Labor and delivery nurses are one of the few groups of nurses that remain primarily in the hospital setting. Whereas many nursing disciplines are shifting out into to the community, labor and delivery nurses typically work in hospitals, clinics, and birthing centers. Nurses who have earned an RN to BSN degree are able to enter the field of labor and delivery to care for women and families throughout the birthing process.
What is a Labor and Delivery Nurse?
A graduate with an RN to BSN degree who chooses to work as a labor and delivery nurse cares for women who are having pregnancy complications, are in labor, or who have recently delivered. They also provide care for newborns and, along with other health care professionals, create a plan of care for the mother and her baby. Some labor and delivery nurses may work in the nursery or with the physician during a cesarean section.
Required Education to Become a Labor and Delivery Nurse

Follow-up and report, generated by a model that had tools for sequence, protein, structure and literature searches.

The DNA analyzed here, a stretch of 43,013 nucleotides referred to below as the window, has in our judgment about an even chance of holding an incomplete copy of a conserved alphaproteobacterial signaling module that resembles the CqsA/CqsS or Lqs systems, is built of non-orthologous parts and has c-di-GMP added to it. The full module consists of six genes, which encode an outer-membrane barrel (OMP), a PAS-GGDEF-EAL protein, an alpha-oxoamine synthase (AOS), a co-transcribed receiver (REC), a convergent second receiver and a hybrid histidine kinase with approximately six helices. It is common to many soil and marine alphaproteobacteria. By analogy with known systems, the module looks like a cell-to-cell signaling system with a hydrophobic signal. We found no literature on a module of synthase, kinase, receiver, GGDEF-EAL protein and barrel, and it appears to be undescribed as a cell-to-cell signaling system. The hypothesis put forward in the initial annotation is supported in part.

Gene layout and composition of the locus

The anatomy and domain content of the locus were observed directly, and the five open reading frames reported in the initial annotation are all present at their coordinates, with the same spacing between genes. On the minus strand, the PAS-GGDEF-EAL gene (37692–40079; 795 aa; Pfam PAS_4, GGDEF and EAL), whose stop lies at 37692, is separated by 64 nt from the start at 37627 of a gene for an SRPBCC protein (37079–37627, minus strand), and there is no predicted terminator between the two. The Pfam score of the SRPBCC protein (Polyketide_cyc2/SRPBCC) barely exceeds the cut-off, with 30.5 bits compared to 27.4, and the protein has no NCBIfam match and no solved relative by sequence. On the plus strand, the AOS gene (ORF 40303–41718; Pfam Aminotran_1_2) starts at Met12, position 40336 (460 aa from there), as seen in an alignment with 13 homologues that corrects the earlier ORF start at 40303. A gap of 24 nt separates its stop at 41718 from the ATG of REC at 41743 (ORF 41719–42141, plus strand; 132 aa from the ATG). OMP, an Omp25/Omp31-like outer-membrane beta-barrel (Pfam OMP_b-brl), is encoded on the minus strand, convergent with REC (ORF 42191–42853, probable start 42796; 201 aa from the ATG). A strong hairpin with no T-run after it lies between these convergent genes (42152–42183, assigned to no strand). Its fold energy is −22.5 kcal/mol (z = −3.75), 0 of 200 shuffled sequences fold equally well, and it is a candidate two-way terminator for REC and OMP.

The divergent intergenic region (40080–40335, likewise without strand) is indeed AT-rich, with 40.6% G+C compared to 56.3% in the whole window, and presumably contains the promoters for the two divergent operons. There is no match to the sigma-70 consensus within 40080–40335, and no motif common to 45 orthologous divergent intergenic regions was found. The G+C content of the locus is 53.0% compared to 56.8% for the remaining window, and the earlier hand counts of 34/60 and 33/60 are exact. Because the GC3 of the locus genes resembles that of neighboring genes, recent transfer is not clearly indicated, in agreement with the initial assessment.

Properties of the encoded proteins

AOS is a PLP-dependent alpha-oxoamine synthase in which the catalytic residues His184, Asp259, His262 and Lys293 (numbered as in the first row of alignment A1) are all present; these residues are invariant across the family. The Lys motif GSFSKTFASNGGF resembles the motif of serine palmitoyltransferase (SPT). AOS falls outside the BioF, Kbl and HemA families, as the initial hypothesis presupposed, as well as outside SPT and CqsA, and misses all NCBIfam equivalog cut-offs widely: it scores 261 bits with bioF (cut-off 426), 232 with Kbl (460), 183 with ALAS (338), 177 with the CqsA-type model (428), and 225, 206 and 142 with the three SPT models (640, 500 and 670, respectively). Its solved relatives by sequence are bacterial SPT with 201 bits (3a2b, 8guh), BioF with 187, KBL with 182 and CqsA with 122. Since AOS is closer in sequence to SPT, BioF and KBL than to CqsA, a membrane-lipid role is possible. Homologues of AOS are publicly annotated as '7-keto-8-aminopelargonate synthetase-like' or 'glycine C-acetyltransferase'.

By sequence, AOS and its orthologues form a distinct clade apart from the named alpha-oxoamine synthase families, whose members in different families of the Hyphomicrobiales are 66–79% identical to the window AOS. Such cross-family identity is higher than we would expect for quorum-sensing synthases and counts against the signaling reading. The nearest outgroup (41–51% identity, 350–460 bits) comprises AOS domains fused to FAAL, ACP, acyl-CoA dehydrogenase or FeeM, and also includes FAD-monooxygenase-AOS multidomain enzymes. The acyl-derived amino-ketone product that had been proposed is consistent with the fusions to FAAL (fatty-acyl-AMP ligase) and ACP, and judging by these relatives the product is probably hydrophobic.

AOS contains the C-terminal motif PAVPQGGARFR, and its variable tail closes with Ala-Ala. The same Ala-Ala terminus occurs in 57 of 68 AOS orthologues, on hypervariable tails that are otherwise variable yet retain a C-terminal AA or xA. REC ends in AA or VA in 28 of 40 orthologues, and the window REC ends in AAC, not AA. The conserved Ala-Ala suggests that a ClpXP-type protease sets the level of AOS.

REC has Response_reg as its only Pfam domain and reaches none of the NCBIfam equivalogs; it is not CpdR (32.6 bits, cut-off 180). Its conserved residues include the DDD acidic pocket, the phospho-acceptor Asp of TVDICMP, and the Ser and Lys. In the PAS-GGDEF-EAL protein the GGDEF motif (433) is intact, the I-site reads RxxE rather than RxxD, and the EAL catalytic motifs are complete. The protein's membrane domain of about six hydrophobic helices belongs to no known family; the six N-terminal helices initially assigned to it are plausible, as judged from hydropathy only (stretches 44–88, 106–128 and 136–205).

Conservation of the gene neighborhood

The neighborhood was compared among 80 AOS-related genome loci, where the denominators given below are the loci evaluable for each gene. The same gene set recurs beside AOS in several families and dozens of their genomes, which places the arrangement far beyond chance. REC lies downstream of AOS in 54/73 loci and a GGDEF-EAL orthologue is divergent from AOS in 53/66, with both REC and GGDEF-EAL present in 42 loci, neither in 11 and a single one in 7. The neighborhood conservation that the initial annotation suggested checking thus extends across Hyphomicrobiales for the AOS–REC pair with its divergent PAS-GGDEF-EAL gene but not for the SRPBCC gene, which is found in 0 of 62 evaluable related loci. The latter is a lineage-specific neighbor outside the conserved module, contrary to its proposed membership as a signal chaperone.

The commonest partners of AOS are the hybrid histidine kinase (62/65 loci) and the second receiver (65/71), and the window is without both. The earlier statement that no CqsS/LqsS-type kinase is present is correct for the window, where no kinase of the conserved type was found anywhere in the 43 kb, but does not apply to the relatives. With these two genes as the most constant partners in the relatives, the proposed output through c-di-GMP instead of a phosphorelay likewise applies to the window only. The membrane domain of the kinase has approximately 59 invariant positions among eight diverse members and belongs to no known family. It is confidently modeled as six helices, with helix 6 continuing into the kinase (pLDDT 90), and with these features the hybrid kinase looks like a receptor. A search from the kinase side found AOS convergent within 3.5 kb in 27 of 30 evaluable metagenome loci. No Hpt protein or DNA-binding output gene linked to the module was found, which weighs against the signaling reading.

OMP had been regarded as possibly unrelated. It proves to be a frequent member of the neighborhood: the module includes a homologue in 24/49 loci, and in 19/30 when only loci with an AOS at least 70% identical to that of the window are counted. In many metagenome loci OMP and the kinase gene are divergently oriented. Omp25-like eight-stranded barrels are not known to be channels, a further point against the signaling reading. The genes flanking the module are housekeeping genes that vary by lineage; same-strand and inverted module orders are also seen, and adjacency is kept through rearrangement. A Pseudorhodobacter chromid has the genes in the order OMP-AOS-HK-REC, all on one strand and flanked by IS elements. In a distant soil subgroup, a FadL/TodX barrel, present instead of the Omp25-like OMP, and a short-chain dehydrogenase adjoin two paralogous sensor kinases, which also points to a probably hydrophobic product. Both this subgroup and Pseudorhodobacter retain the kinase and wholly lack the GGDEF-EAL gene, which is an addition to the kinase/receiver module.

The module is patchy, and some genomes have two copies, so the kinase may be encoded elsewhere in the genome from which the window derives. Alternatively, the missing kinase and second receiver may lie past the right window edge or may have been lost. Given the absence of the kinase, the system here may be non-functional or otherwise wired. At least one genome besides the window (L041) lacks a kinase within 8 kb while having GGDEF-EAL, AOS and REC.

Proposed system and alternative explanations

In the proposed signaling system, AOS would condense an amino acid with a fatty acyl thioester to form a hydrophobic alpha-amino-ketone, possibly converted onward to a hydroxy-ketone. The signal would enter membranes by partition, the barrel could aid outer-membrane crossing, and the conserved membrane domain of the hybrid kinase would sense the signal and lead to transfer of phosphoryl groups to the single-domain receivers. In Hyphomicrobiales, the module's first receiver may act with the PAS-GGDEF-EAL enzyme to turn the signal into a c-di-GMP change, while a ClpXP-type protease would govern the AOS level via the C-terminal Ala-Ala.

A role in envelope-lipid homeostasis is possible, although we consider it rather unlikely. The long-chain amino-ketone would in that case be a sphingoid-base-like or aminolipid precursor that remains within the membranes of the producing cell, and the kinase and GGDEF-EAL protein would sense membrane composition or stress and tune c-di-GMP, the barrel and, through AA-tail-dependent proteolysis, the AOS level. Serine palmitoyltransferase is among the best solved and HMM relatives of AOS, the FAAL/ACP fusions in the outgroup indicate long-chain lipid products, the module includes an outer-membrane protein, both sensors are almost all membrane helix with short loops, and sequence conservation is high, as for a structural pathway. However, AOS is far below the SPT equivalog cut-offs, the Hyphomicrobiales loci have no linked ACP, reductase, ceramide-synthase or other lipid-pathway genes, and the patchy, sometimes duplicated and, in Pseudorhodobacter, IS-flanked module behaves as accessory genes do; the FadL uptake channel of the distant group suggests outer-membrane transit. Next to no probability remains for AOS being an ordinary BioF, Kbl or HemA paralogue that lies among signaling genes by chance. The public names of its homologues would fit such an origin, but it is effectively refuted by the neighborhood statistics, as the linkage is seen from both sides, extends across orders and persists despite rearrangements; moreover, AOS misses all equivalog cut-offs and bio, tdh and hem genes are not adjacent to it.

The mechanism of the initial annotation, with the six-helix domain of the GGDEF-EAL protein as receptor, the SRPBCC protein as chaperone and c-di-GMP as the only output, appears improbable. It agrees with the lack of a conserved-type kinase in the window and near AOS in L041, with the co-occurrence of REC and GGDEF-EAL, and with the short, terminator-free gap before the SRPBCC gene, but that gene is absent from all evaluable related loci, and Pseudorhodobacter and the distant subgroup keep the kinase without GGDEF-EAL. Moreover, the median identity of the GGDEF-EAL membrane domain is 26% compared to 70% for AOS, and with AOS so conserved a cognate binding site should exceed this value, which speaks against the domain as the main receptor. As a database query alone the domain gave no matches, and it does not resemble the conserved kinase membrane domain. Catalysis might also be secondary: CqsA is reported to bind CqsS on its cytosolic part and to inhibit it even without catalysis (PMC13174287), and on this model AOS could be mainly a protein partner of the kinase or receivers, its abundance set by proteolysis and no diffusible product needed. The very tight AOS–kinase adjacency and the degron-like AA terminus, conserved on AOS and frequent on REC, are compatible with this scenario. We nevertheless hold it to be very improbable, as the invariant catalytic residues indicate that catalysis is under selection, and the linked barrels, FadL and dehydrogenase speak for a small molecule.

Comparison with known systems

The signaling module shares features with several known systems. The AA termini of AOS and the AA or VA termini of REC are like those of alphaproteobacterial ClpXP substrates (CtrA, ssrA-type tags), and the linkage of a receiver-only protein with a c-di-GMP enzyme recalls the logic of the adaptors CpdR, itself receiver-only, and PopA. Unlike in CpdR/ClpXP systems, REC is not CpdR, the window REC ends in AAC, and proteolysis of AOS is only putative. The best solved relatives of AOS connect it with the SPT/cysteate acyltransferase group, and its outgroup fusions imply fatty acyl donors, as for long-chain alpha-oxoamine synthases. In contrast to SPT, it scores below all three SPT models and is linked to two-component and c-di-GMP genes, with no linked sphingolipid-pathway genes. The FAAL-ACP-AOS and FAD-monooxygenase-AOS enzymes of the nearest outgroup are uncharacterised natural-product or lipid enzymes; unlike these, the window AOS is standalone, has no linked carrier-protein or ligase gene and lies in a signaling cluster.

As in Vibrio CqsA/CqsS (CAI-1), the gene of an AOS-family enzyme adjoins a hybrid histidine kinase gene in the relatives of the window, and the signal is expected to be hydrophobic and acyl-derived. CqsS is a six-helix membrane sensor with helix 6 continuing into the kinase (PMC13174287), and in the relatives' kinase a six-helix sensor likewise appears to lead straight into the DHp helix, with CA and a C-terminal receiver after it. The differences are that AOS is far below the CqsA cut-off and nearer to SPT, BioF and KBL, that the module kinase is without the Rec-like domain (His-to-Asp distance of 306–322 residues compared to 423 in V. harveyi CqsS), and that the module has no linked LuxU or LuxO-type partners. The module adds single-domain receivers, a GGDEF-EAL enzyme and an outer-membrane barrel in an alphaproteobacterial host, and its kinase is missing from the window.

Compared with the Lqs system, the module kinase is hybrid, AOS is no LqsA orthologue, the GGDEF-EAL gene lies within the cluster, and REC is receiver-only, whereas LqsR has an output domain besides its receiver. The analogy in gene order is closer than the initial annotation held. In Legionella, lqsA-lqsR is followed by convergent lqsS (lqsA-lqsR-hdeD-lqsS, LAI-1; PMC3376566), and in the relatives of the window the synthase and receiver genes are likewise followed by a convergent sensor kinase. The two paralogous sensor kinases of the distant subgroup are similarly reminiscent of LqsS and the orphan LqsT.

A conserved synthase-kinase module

Labor and delivery nurses must be licensed as Registered Nurses within the U.S. through a hospital diploma, associate degree, or RN to BSN degree. Many employers prefer to hire labor and delivery nurses who have earned a bachelor of science in nursing (BSN) and may require two years of prior medical-surgical experience. Labor and delivery nurses must also be certified in neonatal resuscitation and fetal monitoring.
RN to BSN degree graduates who choose to work in labor and delivery nursing must possess good communication skills in order to work effectively with patients, families, and other health care professionals. They must also be able to prioritize patient needs and work effectively in a fast-paced environment.